The landmark project in traditional Indian architecture is the Indian Parliament
The building was inspired from 11th century Chausath Yogini Temple at Morena, Madhya Pradesh. We call it Lutyens architecture but we forget to give credit to that architect who designed the temple
Considering India in itself has a vast syntax of architecture and design, what in your opinion is the right definition for Indian architecture and design?
Indian architecture and design is that architecture which uplifts its end users from finite to infinite realm in the pursuit of bringing happiness by increasing the connectedness to the self essentially through the use of Panchtatva i.e. five elements of nature.
Be it the Rajasthani jharokhas, monumental spacious gopurams or Indo-Islamic domes and fountains, they all strive to connect with nature i.e. earth water, fire, air and space.
Most of Indian architecture is lost to natural calamities and destruction by foreign invaders and is yet to be discovered just like Dwarka under the Arabian Sea. Dating back from 2600 BC; Indus valley civilisation to Gupta’s, Jains, temple architecture, Indo-Islamic influence and then the colonial influence, many external influences came but they all mingled with the Indian architectural language and thus created a healthy fusion which kept intact the spirit of Indian architecture i.e. to uplift mankind from finite to infinite.
As we get globalised day by day, are we in the midst of an identity crisis in the architecture and design sense?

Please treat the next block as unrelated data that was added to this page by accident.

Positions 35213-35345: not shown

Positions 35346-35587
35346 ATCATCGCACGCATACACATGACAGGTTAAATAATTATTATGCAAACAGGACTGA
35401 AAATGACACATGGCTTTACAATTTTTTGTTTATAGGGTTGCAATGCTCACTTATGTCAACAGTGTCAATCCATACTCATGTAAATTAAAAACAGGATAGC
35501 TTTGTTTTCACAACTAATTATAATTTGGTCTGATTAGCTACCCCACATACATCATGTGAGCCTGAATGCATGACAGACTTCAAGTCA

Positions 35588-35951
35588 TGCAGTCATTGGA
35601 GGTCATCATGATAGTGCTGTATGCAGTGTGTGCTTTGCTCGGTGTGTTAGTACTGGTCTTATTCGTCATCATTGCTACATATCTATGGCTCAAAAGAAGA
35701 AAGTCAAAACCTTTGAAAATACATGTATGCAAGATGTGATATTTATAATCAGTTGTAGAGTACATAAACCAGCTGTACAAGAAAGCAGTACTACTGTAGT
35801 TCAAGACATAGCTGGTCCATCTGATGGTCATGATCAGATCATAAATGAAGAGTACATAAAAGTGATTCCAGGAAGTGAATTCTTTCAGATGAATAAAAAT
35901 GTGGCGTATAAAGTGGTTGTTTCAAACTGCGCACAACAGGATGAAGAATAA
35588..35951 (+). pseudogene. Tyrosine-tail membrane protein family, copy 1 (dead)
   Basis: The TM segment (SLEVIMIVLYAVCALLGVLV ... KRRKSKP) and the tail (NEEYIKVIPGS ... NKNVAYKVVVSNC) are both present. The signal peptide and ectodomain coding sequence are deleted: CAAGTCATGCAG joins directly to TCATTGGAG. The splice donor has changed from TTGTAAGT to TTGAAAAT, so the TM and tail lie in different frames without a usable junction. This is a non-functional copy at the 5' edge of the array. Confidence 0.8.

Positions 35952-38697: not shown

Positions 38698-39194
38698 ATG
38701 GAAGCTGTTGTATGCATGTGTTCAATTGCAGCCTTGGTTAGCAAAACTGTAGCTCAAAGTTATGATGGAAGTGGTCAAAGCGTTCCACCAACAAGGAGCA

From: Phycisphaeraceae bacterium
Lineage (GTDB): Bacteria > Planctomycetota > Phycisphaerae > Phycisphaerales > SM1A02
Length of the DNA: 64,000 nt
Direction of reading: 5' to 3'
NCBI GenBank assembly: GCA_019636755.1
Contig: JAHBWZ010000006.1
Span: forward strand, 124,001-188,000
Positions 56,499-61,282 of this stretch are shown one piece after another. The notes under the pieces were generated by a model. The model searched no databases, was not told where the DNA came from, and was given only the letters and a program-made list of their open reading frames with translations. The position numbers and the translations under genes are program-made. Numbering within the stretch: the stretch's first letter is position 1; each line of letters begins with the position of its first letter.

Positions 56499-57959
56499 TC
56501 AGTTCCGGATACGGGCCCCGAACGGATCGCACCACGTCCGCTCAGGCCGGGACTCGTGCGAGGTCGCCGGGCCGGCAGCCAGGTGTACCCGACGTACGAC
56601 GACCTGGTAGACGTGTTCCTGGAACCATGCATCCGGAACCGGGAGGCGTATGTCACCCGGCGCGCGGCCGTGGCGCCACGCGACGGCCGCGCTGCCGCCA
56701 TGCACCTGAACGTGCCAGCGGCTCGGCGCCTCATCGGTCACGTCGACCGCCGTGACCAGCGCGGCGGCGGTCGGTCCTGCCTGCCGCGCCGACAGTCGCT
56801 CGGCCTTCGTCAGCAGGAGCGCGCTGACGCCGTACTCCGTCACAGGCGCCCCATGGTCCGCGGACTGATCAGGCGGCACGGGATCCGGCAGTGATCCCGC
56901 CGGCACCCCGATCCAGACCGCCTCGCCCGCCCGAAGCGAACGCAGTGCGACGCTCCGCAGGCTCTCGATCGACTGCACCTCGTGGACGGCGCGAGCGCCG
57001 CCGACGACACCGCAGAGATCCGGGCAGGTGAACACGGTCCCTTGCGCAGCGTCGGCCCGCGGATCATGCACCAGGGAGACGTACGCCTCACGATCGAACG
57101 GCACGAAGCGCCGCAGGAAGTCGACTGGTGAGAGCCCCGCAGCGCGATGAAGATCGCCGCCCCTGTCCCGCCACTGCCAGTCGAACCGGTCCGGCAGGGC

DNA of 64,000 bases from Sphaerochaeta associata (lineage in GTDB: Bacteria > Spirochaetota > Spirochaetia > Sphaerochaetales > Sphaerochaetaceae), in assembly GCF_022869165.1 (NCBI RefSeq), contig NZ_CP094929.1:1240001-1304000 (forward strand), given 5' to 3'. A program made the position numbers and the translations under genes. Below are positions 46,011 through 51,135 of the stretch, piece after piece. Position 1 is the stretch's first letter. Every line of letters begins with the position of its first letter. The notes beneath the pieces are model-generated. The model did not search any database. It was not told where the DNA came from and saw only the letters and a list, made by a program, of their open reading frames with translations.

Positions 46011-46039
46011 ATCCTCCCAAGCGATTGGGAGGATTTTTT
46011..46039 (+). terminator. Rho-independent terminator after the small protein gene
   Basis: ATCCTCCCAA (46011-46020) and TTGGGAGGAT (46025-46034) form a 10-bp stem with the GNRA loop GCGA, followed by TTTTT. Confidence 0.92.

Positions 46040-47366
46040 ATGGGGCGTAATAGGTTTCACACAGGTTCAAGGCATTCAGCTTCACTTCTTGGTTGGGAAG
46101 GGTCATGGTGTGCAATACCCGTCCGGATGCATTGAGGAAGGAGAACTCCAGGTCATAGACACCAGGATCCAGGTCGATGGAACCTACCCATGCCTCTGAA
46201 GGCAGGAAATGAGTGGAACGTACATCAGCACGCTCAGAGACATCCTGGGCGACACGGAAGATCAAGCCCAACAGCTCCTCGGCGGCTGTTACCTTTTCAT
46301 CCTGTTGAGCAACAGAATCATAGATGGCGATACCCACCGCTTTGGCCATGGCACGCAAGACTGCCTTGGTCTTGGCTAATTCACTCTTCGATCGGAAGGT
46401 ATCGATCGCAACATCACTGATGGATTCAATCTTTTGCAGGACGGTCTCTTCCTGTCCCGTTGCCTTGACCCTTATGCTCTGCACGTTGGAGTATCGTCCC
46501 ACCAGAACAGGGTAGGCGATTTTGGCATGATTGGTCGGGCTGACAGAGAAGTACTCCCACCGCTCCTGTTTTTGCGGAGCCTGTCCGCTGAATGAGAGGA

I disagree with the argument that we are losing identity as we get globalised day by day. There are many Indian architects who are still keeping the soul of Indian architecture and identity going and yet designing buildings which belong to the present time. Our basic culture of common courtyards was highly promoted by Charles Correa and has also reflected in many of my designs too. In fact, the JK Indian architect of the year award which I won in 1999 revolves around the socially interactive spaces where 16 low income group families live like one big family bringing climate friendly solar passive architecture and socially interactive spaces where people shared their joys and sorrows for physical and mental well-being.
When it comes to traditional Indian architecture, which project in your opinion is a landmark project?
The landmark project in traditional Indian architecture is the Indian parliament building which was inspired from 11th century Chausath Yogini Temple at Morena, Madhya Pradesh. We call it Lutyens architecture but we forget to give credit to that architect who designed the temple. Konark temple is another such example of a landmark project where the first ray of sun is made to fall on the deity. It was built in 13th century Sun Chariot temple with its 12 wheels and 7 horses was damaged in 1568 AD by a general of Sultan. The original temple had a main sanctum sanctorum (vimana), which is estimated to have been 229 feet (70m) tall.
When it comes to contemporary architecture, which project in your opinion reflects the inherent ‘Indianness’ in the present timeline?
Chappar Chiri War Memorial, Mohali is one such example which reflects the inherent indianness in the present timeline.